On This Day: When The ‘Four Kings’ Rivalry Ended In Disappointment With Leonard-Duran III

There were fireworks, courtesy of the newly opened Mirage casino and hotel in Las Vegas, but none were on display in the ring. It was 32 years ago today when Sugar Ray Leonard and Roberto Duran – the two greats who kicked off the rivalry that would become known and celebrated as “The Four Kings” – ended both their historic rivalry and the “Four Kings” series with their third fight. The star factor was there, but the fight was a dud.

Fans everywhere wanted to see what would happen in the super-fight that was dubbed “Una Mas.” Duran might have been 38 years of age, but he had turned back the clock in a major way in February of that year, when he had performed magnificently to dethrone the big (for the weight) and dangerous Iran Barkley to become a champion all over again; this time the WBC middleweight champ. Duran stunned the man who had KO’d Thomas Hearns, and Duran fans bought into the idea of their hero beating Leonard and in so doing making amends for his infamous “No Mas” capitulation of November 1980.

Leonard was coming off a draw with Hearns, in a fight that saw him decked twice and fortunate not to go home with a decision loss. Sugar Ray might have been pushing his luck more than Duran was in still fighting, this at the comparatively young age of 33. Leonard’s frequent acquaintance with the canvas (knocked down by Donny Lalonde in 1988 and by Hearns twice in June of 1989) convinced some that “Hands of Stone” could get a second win over his nemesis.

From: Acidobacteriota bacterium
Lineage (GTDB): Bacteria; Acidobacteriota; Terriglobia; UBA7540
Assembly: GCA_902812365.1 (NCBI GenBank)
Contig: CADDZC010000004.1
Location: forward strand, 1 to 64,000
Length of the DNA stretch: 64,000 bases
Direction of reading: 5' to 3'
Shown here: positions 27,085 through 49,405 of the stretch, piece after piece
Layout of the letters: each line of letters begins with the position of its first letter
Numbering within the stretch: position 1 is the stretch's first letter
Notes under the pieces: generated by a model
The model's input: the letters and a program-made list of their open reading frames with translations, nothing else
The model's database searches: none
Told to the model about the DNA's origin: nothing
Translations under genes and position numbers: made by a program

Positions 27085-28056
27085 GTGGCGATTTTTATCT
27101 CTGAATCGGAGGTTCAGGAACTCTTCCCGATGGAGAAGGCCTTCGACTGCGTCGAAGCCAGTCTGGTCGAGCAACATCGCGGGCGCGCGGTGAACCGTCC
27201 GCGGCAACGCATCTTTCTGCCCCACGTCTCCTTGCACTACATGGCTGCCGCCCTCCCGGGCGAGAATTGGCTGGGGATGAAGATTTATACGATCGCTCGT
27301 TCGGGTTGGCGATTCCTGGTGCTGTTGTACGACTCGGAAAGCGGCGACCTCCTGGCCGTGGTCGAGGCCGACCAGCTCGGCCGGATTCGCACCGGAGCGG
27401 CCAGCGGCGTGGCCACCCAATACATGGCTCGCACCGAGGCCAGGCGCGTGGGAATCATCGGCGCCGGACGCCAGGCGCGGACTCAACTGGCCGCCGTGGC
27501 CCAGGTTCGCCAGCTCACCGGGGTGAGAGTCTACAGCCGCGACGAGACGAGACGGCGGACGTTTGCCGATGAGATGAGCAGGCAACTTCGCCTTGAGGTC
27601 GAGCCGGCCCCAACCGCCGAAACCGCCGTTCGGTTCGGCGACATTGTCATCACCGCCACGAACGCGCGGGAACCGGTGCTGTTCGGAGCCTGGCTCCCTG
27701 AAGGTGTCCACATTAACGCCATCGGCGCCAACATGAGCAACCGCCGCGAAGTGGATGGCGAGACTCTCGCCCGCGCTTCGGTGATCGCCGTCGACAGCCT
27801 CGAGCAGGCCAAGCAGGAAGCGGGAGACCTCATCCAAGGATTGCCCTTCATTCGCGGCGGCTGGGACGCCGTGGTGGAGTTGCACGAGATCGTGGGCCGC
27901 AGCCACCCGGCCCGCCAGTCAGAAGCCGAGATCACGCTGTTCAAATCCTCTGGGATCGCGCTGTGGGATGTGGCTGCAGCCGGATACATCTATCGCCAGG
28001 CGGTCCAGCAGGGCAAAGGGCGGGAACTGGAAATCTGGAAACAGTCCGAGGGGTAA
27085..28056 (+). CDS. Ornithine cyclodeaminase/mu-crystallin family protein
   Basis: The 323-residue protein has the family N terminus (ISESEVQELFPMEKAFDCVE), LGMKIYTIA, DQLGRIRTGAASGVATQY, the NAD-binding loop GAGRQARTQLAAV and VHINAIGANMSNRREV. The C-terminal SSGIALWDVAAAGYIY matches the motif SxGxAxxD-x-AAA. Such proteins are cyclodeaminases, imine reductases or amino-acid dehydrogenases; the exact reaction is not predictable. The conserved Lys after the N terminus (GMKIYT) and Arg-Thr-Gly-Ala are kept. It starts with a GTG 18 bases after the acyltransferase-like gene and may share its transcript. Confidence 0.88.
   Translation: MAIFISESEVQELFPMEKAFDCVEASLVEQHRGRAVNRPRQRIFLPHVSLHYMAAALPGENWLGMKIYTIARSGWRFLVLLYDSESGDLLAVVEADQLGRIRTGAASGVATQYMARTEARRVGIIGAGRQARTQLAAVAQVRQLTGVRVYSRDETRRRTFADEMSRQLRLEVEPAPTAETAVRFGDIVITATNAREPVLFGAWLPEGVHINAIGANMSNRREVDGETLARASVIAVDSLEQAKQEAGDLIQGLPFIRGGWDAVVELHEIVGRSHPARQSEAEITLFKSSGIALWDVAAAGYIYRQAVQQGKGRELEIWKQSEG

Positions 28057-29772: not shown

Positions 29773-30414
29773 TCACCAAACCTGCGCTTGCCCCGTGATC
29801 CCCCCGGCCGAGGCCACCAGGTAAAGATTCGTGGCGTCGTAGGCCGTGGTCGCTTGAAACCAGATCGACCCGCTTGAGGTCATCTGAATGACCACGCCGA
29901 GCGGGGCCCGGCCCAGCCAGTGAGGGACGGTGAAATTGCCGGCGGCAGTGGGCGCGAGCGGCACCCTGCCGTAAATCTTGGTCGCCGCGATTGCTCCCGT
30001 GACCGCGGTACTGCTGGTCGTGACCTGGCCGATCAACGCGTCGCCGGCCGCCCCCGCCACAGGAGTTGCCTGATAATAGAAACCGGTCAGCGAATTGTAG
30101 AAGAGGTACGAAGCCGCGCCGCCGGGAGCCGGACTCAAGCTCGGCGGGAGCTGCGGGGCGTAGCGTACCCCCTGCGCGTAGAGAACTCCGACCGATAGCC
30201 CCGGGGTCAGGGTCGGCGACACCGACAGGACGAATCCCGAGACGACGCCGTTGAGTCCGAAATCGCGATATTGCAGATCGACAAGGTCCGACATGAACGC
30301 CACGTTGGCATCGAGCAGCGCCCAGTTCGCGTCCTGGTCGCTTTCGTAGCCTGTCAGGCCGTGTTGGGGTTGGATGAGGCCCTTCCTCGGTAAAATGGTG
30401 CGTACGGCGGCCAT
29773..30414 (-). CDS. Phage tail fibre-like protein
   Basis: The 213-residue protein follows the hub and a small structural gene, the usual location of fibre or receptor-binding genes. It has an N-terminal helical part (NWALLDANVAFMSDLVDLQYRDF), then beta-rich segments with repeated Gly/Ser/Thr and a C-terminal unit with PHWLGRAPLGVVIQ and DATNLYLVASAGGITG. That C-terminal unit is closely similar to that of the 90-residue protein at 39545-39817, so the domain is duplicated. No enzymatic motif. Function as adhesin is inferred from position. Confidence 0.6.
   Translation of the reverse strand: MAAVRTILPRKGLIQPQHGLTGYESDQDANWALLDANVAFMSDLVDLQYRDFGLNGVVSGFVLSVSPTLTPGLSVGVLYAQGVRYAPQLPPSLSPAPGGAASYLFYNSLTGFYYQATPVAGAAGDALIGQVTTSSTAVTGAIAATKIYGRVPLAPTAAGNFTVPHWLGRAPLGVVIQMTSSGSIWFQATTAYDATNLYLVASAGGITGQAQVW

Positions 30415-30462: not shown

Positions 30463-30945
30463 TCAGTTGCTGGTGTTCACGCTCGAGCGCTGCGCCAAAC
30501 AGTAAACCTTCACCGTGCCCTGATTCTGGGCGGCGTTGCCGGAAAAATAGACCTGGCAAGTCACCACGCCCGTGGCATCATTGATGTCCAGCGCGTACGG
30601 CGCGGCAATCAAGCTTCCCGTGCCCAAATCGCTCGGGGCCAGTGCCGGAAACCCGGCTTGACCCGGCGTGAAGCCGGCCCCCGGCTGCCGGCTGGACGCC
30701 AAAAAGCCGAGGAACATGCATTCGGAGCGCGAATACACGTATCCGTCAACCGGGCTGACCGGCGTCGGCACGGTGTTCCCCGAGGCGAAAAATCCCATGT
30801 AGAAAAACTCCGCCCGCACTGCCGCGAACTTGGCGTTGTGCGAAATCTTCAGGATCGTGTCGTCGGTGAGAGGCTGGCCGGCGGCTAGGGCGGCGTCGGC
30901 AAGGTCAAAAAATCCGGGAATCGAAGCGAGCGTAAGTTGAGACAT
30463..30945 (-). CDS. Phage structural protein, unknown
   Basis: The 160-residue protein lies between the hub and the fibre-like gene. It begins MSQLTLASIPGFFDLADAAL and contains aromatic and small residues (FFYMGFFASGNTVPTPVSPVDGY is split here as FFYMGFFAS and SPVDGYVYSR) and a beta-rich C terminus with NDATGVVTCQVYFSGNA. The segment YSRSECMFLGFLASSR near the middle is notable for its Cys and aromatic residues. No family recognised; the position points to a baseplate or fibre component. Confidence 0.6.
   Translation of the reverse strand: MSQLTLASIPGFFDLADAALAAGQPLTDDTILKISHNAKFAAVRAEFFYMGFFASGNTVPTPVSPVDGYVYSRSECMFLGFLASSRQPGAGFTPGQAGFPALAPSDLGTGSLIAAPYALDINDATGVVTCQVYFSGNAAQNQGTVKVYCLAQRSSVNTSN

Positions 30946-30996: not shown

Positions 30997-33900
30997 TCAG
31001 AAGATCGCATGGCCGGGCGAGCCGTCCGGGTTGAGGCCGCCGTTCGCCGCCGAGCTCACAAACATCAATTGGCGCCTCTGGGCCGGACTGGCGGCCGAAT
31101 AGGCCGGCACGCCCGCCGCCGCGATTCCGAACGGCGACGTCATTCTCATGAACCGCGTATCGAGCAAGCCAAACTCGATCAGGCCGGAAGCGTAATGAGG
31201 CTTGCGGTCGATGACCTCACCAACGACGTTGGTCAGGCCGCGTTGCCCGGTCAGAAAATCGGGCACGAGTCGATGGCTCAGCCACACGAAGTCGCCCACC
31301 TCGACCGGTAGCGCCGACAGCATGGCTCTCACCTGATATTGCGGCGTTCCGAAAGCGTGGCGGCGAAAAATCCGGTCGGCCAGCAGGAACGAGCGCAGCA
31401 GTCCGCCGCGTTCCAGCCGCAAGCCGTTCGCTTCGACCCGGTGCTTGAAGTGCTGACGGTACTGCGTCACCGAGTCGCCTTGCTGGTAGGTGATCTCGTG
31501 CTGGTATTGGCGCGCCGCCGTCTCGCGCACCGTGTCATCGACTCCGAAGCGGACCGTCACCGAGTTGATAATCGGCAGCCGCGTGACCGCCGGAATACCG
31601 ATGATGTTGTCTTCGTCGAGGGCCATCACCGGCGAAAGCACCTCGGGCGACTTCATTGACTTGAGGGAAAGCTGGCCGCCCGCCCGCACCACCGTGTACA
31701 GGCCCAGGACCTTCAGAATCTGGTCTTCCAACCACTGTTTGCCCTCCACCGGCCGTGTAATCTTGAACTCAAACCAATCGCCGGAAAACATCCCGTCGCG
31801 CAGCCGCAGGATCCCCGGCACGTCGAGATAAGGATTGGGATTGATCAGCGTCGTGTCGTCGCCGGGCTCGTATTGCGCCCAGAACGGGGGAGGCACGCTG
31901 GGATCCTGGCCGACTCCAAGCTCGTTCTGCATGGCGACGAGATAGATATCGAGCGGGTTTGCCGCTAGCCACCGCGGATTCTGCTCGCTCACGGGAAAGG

Instead, fans got a dull fight. Leonard was still very much in Duran’s head and he proceeded to outbox the man who had given him his first pro defeat. Duran was unable to get anything going, as Sugar Ray boxed and moved and frustrated. It was a boring fight, a sad end to a legendary series. Aside from some late drama, which came when a Duran right hand opened a cut over Leonard’s right eye and then, in the final round, a left hand inflicted a cut over Sugar’s let eye, nothing much happened. Leonard was pouring blood but he was miles ahead on points. Duran failed to find the fire to go for the blood in an effort at getting the stunning late finish.

Leonard walked away, needing stitches, with a commanding 120-110, 119-109, 116-111 decision win.

Duran fumed afterwards, saying the referee allowed Leonard to hold him. Leonard had offended the paying crowd with his, “to hell with the crowd,” declaration during the break between rounds nine and ten, this when Sugar was aware of the displeasure of the paying fans.

And that was it. “The Four Kings” had danced their final dance.

We had been thrilled by Duran-Leonard I. We had been shocked by Leonard-Duran II and “No Mas.” We had been sent into a state of delirium by Hagler-Hearns. And, thanks to Leonard-Hagler, we had been forced to debate the outcome of a fight for all-time. But the finale of the series was a downer.

The last super-fight of the decade came with so much promise but it went out with a whimper. Still, all these years later, many of us argue over who was the greater fighter: Leonard or Duran!